DOT planning upgrades along stretch of Richardson Highway
State transportation planners are studying a stretch of the Richardson Highway south of Black Rapids to prioritize projects like replacing bridges washed-out by flooding earlier this summer. It’s one of the most scenic drives in Alaska, but its road, bridges and other structures are old and battered and in need of repair or replacement.
The state Department of Transportation last year found numerous safety and maintenance problems along milepost 206 to 233 of the Richardson Highway. Those concerns were confirmed in July, when heavy flooding along that 27-mile stretch washed-out several bridge approaches and caused other damage that shut down the highway for a week.
Transportation officials estimate it’ll cost some $200 million to repair and upgrade that part of the highway, including bridges and other structures, to modern standards. So, they’re conducting a Planning and Environmental Linkages, or PEL, study to identify the highest priority projects.
“The PEL really allows us to examine the area that washed-out and break it down into small project sections so that we can identify the ones that need to be done first,” says Transportation department spokesperson Danielle Tessen.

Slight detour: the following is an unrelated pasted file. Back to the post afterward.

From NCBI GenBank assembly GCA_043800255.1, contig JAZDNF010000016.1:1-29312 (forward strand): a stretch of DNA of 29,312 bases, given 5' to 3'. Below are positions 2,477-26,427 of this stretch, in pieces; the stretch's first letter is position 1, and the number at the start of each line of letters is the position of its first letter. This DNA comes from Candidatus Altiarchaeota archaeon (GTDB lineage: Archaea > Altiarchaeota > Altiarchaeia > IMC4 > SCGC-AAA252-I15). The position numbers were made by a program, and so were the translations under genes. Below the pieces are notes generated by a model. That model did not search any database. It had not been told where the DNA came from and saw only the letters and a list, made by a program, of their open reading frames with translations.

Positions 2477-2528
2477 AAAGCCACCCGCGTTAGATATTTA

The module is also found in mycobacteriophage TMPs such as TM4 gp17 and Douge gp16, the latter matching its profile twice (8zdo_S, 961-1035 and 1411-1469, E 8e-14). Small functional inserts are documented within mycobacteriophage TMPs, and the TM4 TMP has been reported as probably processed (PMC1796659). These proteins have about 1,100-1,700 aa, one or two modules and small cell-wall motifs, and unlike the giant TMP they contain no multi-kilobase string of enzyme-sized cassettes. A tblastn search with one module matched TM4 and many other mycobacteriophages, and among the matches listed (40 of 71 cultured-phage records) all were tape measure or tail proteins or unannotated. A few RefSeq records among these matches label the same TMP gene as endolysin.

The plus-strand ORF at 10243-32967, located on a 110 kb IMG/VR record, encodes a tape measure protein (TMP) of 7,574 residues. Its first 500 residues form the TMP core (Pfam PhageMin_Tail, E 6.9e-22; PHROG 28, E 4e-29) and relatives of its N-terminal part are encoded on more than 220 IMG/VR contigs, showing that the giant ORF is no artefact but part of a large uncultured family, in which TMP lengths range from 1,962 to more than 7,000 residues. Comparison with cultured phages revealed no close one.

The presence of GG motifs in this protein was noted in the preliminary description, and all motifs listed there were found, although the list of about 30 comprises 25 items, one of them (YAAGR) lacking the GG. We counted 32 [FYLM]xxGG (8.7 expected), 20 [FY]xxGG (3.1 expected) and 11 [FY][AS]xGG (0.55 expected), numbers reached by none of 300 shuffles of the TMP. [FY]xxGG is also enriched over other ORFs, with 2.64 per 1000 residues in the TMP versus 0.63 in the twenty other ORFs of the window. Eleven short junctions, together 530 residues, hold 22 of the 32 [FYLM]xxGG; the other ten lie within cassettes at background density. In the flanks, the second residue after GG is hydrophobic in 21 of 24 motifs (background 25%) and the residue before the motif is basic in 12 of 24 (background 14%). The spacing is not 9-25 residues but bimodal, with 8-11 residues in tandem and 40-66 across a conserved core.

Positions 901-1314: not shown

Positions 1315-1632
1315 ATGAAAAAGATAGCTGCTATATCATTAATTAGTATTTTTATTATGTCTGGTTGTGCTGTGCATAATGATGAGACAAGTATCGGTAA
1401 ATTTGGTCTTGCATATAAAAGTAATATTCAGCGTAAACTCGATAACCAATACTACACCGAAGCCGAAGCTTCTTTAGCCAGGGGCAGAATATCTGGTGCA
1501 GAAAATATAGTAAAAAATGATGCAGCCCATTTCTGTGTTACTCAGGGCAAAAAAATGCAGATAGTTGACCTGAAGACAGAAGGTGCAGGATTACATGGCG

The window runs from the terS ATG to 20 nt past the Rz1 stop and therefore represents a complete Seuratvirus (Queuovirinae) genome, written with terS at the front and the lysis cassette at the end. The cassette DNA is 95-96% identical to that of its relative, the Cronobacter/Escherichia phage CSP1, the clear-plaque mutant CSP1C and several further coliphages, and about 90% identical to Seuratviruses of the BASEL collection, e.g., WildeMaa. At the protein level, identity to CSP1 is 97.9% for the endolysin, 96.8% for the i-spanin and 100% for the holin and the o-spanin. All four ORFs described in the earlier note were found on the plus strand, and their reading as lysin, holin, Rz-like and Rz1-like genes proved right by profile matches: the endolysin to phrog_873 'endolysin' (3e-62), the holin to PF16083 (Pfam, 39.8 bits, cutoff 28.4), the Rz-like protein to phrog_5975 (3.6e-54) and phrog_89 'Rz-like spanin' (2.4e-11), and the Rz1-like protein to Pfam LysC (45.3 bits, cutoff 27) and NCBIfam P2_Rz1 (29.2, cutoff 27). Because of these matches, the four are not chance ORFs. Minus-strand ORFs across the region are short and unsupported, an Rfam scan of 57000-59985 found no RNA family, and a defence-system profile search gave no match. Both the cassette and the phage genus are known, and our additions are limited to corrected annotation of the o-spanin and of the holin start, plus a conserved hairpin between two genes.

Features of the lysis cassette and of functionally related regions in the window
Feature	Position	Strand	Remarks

A draft version of the PEL study issued in 2021 identified problems with the bridge over Bear Creek and three others nearby: “Upper Miller, Lower Miller and Castner are in design now, Tessen said, “and we could see those in construction soon,” probably in 2026.
Other projects along that stretch of the Richardson recommended by the PEL study draft include widening the roadway, upgrading culvert and other drainage facilities and engineering work to reduce the risk of rockslides.
“For the other projects, we’re going to identify which ones need to be done first and then really they get put into the alignment for what funding is available,” she said in an interview Tuesday.
Tessen says the PEL study also wants to identify other lesser-priority projects that the public might want for that stretch of the highway. She says that could include improvements like a pullout or parking lot for the Castner Creek Glacier trailhead, at milepost 217.
“We’ve seen an increase in interest in people going there and wanting to hike. And there’s also a lot of other trails off in the area,” she said.
Tessen says the Transportation department wants members of the public to weigh-in on that proposal, as well as other safety upgrades outlined in the PEL study. She says comments and suggestions are welcomed, and must be received by October 1st. The comments may be submitted on a page accessible from the D-O-T website, or by contacting Project Manager Jennifer Wright, with the DOT Northern Region office in Fairbanks.